Dear fellow support gunners and milsim players, I would like to propose two scenarios to you to illustrate supressive fire.
Your unit has been tasked with attacking a small building in a wooded area known as the “ammo dump”. Your squad has made contact with the enemy near your objective, and you exchange quick bursts, popping in and out of cover to do so. You are able to peek around your cover at will to check on the well being of your comrades and the location of some of the enemy combatants. If a group of enemy were to take off in a flanking maneuver, you would be able to see it and direct some of your force to take care of them. Your team leapfrogs forward, some players shooting while others move. Eventually you take your objective and the remaining enemy players flee to fight another day.
Now what did this look like from your enemy’s perspective?
One of the enemy’s keen eyed riflemen spotted one of your unit from afar and signaled his squad leader that he had “eyes on”. The squad leader passed this information to the rest of his unit and they began engaging your unit as they had clear targets. Eventually, your unit moved so close that the remaining players abandoned their positions.
Your unit has been tasked with attacking the same building against the same unit. You have put your squad in the same attack formation and are moving ever closer to your objective. All of a sudden, long streams of automatic fire spew from the enemy ranks. You hear rounds smacking into trees and bushes all around you. You dive into cover and hunker down, waiting for the barrage to end. You look to either side of you and can see only one of your teammates who is also hiding. The barrage slacks off a little bit and you can tell that most of the rounds are coming from only a few guns. However, you can only get tiny glimpses of the battlefield from behind your cover. You send several of your unit around to one side but they too get pinned down. You are now without initiative, your unit is fragmented, and all you can do is watch the remaining time you have to get to your objective expire.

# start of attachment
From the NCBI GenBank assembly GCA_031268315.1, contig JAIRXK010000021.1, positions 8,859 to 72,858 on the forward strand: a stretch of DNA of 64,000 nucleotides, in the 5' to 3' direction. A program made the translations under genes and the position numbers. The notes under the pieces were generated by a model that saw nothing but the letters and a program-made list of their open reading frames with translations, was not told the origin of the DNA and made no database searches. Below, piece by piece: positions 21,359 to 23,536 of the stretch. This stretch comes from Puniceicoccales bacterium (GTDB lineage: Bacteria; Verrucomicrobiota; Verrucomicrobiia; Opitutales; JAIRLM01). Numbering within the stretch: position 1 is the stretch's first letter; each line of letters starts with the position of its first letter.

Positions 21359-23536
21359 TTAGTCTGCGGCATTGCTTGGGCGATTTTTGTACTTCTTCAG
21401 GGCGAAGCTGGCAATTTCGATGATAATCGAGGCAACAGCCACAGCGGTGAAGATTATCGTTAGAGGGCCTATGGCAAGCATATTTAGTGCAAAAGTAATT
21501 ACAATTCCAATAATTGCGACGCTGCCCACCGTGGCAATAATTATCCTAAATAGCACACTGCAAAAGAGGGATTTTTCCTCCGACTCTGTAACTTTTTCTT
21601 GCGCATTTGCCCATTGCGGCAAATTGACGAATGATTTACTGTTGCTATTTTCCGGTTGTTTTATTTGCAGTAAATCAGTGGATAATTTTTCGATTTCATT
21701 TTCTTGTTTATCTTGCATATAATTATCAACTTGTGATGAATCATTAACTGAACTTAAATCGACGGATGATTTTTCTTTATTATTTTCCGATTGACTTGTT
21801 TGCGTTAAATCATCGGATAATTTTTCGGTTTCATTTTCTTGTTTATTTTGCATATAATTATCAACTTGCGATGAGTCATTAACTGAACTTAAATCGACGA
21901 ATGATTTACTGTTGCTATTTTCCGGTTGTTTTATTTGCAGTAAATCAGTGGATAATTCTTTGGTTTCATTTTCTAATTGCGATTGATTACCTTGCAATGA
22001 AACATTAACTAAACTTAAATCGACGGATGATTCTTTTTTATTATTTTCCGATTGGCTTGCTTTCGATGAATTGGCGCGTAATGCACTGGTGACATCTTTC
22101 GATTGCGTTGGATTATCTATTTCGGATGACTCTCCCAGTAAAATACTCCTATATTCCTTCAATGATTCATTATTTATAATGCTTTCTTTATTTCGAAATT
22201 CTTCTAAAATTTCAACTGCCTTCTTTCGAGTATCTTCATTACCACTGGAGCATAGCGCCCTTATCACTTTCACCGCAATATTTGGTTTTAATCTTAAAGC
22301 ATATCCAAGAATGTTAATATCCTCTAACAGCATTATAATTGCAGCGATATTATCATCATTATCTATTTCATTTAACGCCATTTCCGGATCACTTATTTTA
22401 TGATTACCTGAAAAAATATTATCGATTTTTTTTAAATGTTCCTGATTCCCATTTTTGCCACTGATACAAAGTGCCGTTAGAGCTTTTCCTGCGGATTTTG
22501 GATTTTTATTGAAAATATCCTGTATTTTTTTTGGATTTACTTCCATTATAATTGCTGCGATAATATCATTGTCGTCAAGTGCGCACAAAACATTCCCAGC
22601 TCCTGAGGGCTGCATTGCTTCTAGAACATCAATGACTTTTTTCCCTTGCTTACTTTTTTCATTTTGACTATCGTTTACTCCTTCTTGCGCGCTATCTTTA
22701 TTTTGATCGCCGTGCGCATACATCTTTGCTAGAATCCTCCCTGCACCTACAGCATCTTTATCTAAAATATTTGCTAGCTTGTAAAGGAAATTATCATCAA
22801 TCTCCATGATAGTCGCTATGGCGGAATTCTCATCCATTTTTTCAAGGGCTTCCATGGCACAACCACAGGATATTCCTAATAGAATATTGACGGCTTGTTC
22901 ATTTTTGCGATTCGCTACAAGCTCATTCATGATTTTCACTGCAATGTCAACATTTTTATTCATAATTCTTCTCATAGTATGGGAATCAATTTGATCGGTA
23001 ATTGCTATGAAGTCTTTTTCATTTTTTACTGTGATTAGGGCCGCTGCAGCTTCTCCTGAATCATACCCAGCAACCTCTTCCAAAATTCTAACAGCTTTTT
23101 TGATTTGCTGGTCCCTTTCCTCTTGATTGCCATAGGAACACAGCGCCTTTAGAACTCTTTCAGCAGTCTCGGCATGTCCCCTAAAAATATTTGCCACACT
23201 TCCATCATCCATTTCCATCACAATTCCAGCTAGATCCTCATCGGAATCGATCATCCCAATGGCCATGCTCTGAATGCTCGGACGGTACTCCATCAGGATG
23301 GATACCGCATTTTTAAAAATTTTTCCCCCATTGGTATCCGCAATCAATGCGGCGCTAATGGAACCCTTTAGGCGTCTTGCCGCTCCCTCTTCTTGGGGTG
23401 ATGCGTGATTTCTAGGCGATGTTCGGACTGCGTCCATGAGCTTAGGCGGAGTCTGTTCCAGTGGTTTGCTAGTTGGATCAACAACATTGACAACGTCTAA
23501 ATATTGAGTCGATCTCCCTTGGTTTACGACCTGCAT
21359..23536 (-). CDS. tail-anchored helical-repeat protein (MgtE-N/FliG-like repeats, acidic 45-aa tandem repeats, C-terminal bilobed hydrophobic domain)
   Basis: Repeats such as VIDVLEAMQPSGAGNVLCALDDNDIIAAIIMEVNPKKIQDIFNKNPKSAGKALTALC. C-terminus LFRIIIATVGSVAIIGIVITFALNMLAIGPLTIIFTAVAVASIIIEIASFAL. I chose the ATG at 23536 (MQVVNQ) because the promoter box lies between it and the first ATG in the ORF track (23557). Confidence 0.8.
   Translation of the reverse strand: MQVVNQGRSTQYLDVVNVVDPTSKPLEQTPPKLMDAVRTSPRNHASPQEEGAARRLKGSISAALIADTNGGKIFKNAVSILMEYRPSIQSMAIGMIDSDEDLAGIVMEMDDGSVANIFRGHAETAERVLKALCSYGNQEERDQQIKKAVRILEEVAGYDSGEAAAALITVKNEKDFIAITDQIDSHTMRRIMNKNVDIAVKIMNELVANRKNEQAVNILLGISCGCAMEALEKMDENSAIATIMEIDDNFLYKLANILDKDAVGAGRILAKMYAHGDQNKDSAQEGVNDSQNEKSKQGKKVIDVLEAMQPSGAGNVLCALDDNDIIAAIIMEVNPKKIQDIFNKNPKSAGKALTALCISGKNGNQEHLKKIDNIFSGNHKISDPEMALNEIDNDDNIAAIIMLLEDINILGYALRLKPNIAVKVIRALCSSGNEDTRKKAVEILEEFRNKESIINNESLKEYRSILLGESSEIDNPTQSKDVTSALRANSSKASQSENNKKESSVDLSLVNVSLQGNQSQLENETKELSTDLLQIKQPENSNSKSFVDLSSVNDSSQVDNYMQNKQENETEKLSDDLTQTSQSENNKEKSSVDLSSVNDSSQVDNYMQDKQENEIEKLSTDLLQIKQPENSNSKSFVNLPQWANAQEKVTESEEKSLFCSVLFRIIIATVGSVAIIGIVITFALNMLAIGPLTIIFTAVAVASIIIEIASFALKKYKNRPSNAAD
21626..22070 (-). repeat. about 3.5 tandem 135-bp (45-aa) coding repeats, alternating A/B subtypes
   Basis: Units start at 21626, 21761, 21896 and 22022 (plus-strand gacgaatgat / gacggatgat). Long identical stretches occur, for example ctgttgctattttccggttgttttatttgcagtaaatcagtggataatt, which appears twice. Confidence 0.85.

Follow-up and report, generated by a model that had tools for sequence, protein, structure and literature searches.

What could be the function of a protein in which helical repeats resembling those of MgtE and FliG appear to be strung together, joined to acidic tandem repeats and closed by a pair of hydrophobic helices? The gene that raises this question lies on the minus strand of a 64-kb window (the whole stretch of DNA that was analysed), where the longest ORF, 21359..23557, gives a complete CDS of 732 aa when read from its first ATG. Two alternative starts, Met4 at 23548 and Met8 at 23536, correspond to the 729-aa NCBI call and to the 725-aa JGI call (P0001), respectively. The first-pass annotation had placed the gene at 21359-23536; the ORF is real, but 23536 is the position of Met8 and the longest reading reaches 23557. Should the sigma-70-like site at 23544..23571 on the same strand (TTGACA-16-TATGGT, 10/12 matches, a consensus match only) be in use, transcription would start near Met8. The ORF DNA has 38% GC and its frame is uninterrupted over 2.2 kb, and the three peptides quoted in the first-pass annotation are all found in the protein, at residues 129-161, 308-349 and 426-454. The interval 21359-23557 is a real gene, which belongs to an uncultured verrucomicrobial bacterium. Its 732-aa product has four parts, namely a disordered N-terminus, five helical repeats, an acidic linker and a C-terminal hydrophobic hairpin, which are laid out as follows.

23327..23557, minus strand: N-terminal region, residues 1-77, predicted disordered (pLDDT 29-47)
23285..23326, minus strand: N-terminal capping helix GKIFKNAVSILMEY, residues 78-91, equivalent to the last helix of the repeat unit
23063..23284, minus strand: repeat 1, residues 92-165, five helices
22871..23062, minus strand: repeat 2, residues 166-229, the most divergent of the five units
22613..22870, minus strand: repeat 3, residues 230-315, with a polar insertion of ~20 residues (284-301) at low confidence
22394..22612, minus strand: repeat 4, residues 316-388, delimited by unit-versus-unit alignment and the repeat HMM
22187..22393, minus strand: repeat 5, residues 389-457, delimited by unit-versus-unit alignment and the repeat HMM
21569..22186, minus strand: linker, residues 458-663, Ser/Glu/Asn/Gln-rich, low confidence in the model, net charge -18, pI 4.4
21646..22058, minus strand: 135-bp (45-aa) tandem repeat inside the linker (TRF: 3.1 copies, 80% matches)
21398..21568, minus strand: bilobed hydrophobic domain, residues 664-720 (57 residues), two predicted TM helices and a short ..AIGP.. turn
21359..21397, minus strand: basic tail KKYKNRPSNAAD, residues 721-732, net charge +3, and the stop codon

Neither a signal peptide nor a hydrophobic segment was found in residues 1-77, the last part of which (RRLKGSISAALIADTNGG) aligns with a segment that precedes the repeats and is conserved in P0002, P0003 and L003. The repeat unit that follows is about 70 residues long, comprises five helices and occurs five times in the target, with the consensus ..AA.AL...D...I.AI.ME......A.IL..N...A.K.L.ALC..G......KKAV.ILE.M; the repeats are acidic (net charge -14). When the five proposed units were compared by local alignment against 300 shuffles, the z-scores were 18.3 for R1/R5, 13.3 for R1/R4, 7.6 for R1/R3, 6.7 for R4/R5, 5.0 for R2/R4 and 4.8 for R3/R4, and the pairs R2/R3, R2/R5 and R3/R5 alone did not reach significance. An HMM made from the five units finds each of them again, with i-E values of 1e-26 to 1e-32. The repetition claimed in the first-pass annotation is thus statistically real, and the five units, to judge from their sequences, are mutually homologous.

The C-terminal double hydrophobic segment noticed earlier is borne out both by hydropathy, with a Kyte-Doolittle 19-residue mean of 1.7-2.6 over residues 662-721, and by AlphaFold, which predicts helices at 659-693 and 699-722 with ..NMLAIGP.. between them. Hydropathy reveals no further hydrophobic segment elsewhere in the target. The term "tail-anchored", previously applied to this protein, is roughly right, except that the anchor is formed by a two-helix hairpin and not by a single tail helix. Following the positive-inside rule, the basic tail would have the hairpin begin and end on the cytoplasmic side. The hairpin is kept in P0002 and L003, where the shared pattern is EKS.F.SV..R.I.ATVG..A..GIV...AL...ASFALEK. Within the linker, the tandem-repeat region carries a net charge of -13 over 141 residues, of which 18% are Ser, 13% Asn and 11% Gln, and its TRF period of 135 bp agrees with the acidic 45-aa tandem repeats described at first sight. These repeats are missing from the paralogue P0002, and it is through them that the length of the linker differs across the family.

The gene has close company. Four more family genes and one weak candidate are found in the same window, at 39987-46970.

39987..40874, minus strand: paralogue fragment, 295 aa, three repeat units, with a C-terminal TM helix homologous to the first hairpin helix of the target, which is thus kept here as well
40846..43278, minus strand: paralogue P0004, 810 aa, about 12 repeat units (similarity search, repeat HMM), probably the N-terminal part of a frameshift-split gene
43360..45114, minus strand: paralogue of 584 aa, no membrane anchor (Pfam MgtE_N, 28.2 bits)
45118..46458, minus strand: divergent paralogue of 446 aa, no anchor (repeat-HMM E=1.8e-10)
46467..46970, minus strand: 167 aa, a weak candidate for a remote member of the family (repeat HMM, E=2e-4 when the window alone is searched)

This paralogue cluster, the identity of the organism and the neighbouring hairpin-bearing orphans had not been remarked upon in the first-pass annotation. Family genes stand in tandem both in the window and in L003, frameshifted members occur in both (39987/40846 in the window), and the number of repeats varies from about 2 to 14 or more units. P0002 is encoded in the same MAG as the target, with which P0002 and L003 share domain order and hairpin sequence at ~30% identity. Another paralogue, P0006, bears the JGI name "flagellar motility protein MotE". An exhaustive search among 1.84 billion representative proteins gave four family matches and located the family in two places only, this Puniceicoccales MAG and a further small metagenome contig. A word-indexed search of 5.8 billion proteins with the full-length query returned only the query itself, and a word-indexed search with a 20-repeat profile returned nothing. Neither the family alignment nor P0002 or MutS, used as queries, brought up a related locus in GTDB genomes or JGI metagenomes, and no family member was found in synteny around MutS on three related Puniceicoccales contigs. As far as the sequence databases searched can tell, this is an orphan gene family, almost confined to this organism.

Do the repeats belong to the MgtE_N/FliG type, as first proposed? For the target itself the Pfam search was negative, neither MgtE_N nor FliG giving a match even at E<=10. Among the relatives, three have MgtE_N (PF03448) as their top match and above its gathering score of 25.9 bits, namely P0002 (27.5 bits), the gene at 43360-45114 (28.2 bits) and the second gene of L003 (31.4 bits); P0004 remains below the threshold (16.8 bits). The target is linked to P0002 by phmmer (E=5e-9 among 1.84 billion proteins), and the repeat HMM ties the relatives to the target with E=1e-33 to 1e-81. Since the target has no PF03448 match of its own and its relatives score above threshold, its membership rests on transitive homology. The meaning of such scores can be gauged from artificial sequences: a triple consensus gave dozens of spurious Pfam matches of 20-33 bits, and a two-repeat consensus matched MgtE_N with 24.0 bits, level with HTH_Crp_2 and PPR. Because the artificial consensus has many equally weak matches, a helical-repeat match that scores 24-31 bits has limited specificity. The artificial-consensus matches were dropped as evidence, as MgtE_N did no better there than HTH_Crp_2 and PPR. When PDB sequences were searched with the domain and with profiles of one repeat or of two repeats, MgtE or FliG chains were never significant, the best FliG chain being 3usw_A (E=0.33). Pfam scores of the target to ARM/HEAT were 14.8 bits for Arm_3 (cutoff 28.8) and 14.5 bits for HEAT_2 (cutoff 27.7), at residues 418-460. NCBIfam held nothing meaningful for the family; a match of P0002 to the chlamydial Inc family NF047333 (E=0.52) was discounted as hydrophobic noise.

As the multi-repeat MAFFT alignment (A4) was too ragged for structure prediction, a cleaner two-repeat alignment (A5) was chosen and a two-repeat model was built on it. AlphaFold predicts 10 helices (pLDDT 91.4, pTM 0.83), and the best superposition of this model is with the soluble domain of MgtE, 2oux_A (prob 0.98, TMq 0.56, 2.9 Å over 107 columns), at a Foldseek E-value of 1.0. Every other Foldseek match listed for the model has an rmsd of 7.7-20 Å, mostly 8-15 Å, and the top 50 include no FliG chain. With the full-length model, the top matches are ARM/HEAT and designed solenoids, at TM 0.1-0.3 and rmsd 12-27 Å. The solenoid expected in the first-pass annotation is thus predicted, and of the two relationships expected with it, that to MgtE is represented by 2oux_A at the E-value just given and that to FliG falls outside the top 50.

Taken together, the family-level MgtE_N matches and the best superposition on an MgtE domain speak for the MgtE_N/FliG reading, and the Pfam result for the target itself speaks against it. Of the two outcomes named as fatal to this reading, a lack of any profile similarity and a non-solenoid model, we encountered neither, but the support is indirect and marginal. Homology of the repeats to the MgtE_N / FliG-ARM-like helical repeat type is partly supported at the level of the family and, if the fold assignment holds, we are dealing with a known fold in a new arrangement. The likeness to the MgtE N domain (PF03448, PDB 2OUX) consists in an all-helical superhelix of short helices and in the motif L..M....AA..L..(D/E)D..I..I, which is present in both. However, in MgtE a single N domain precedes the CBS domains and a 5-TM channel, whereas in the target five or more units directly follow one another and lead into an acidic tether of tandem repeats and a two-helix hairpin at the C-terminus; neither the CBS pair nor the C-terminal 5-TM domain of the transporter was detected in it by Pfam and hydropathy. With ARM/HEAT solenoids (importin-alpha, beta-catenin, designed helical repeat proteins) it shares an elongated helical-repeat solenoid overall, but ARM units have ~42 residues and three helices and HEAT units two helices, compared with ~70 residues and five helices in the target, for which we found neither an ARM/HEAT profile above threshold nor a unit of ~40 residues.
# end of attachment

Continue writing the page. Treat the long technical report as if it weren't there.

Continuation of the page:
So what did this look like from your enemy’s point of view?
Again, one of the enemy unit spotted your unit and advised his squad leader. However, this time the enemy squad leader directed his support gunner to fire at the general mass of your unit and to continue firing bursts at the cover your squad hid behind until ordered otherwise. He did just that, his assistant gunner continually updating him on new locations that your unit was sighted. He focused on the main mass of your unit, relying on the rest of the unit to pick up stragglers or any flanking elements. He did not kill a single one of your unit but simply peppered every piece of cover in your area, making you stay in cover until your time expired.
Supressive Fire Works!
The number of milsim players that actually understand supressive fire is sadly minuscule. The simple fact is this. Shooting at the enemy even when he is in cover makes him hide and degrades his morale very quickly. It also allows the other members of your unit to focus on shooting the bad guys when they do poke out from cover, rather than just trading pot shots. This is why the support gunner was invented. This one member of the unit can focus on keeping the enemy’s heads down while the remaining players kill them. It works. PLEASE TRY IT!